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Kripke semantics for modal propositional logic
A Kripe model for a modal propositional logic PL${}_{M}$ is a triple $M:=(W,R,V)$, where
1. $W$ is a set, whose elements are called possible worlds,
2. $R$ is a binary relation on $W$,
3.
For derived connectives, we also have $V(A\land B)=V(A)\cap V(B)$, $V(A\lor B)=V(A)\cup V(B)$, $V(\neg A)=V(A)^{c}$, the complement of $V(A)$, and $V(\diamond A)=V(A)^{{\diamond}}:=V(A)^{{c\square c}}$.
One can also define a satisfaction relation $\models$ between $W$ and the set $L$ of wff’s so that
$\models_{w}A\qquad\mbox{iff}\qquad w\in V(A)$ 
for any $w\in W$ and $A\in L$. It’s easy to see that

$\not\models_{w}\perp$ for any $w\in W$,

$\models_{w}A\land B$ iff $\models_{w}A$ and $\models_{w}B$,

$\models_{w}A\lor B$ iff $\models_{w}A$ or $\models_{w}B$,

$\models_{w}\neg A$ iff $\not\models_{w}A$,

$\models_{w}\square A$ iff for all $u$ such that $wRu$, we have $\models_{u}A$,

$\models_{w}\diamond A$ iff there is a $u$ such that $wRu$ and $\models_{u}A$.
When $\models_{w}A$, we say that $A$ is true at world $w$.
The pair $\mathcal{F}:=(W,R)$ in a Kripke model $M:=(W,R,V)$ is also called a (Kripke) frame, and $M$ is said to be a model based on the frame $\mathcal{F}$. The validity of a wff $A$ at different levels (in a model, a frame, a collection of frames) is defined in the parent entry.
Now, to prove that any tautology is valid, by the completeness of PL${}_{c}$, every tautology is a theorem, which is in turn the result of a deduction from axioms using modus ponens.
First, modus ponens preserves validity: for suppose $\models_{w}A$ and $\models_{w}A\to B$. Since $\models_{w}A$ implies $\models_{w}B$, and $\models_{w}A$ by assumption, we have $\models_{w}B$. Now, $w$ is arbitrary, the result follows.
Next, we show that each axiom of PL${}_{c}$ is valid:

$A\to(B\to A)$: If $\models_{w}A$ and $\models_{w}B$, then $\models_{w}A$, so $\models_{w}B\to A$.

$(A\to(B\to C))\to((A\to B)\to(A\to C))$: Suppose $\models_{w}A\to(B\to C)$, $\models_{w}A\to B$, and $\models_{w}A$. Then $\models_{w}B\to C$ and $\models_{w}B$, and therefore $\models_{w}C$.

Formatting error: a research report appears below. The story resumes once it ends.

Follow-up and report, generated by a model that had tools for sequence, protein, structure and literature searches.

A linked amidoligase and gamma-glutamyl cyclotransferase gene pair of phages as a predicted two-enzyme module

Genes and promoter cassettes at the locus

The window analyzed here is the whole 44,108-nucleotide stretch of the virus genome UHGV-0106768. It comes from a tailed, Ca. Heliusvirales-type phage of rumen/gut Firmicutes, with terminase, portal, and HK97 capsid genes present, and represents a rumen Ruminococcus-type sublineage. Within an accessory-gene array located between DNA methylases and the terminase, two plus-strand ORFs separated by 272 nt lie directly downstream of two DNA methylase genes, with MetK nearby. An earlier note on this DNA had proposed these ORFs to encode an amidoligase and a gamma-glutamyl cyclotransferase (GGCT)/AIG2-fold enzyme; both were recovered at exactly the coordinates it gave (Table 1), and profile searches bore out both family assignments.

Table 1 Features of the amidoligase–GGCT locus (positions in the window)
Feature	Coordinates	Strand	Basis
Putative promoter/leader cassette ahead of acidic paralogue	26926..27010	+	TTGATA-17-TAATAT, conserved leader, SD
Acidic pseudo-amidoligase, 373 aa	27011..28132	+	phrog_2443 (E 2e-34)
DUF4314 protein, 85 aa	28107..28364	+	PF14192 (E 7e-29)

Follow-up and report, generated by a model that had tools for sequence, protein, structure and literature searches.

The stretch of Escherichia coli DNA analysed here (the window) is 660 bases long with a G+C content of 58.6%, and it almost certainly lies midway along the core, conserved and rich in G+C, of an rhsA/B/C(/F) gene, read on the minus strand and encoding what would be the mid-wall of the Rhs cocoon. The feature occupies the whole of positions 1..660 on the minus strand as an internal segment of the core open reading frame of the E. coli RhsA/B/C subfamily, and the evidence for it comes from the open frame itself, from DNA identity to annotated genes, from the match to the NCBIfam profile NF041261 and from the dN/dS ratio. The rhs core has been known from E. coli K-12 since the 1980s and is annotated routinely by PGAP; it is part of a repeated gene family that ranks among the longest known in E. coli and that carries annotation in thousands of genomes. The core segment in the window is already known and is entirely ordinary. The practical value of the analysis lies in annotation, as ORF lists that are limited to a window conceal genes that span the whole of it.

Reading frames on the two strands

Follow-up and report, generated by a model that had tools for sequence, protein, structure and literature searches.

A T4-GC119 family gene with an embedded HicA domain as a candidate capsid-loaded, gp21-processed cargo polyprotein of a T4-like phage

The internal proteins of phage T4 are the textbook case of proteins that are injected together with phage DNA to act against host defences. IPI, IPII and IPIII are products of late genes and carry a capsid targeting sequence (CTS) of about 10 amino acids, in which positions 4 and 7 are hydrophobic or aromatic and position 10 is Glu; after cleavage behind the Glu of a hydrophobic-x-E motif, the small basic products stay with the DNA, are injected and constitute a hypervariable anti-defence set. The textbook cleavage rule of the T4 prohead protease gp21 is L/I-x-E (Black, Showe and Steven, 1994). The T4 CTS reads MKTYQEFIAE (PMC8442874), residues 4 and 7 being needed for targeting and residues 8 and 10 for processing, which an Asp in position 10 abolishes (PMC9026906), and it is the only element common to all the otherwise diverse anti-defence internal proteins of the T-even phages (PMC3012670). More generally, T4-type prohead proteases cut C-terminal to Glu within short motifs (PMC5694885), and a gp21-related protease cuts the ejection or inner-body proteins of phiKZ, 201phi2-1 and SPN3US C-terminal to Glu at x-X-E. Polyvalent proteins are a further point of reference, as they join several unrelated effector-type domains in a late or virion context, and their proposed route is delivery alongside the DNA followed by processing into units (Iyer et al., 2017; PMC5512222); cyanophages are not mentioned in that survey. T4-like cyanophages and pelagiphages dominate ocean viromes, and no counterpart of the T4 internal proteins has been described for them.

$(\neg A\to\neg B)\to(B\to A)$: we use a different approach to show this:
$\displaystyle V((\neg A\to\neg B)\to(B\to A))$ $\displaystyle=$ $\displaystyle V(\neg A\to\neg B)^{c}\cup V(B\to A)$ $\displaystyle=$ $\displaystyle(V(\neg A)\cap V(\neg B)^{c})\cup V(B)^{c}\cup V(A)$ $\displaystyle=$ $\displaystyle(V(A)^{c}\cap V(B))\cup V(B)^{c}\cup V(A)$ $\displaystyle=$ $\displaystyle(V(A)^{c}\cup V(B)^{c})\cup V(A)=W.$
In addition, the rule of necessitation preserves validity as well: suppose $\models_{w}A$ for all $w$, then certainly $\models_{u}A$ for all $u$ such that $wRu$, and therefore $\models_{w}\square A$.
There are also valid formulas that are not tautologies. Here’s one:
$\square(A\to B)\to(\square A\to\square B)$ 
Proof.
Let $w$ be any world in $M$. Suppose $\models_{w}\square(A\to B)$. Then for all $u$ such that $wRu$, $\models_{u}A\to B$, or $\models_{u}A$ implies $\models_{u}B$, or for all $u$ such that $wRu$, $\models_{u}A$, implies that for all $u$ such that $wRu$, $\models_{u}B$, or $\models_{w}\square A$ implies $\models_{w}\square B$, or $\models_{w}(\square A\to\square B)$. Therefore, $\models_{w}\square(A\to B)\to(\square A\to\square B)$. ∎
From this, we see that Kripke semantics is appropriate only for normal modal logics.
Below are some examples of Kripke frames and their corresponding validating logics:
1. $A\to\square A$ is valid in a frame $(W,R)$ iff $R$ weak identity: $wRu$ implies $w=u$.
Proof.
Let $(W,R)$ be a frame validating $A\to\square A$, and $M$ a model based on $(W,R)$, with $V(p)=\{w\}$. Then $\models_{w}p$. So $\models_{w}\square p$, or $\models_{u}p$ for all $u$ such that $wRu$. But then $u\in V(p)$, or $u=w$. Hence $R$ is the relation: if $wRu$, then $w=u$.
Conversely, suppose $(W,R)$ is weak identity, $M$ based on $(W,R)$, and $w$ a world in $M$ with $\models_{w}A$. If $wRu$, then $u=w$, which means $\models_{u}A$ for all $u$ such that $wRu$. In other words, $\models_{w}\square A$, and therefore, $\models_{w}A\to\square A$. ∎
2. $\square A$ is valid in a frame $(W,R)$ iff $R=\varnothing$.
Proof.
First, suppose $\square A$ is valid in $(W,R)$, and $M$ a model based on $(W,R)$, with $V(p)=\varnothing$. Since $\models_{w}\square p$, $\models_{u}p$ for any $u$ such that $wRu$. Since no such $u$ exists, and $w$ is arbitrary, $R=\varnothing$.
Conversely, given a model $M$ based on $(W,\varnothing)$, and a world $w$ in $M$, it is vacuously true that $\models_{u}A$ for any $u$ such that $wRu$, since no such $u$ exists. Therefore $\models_{w}\square A$. ∎
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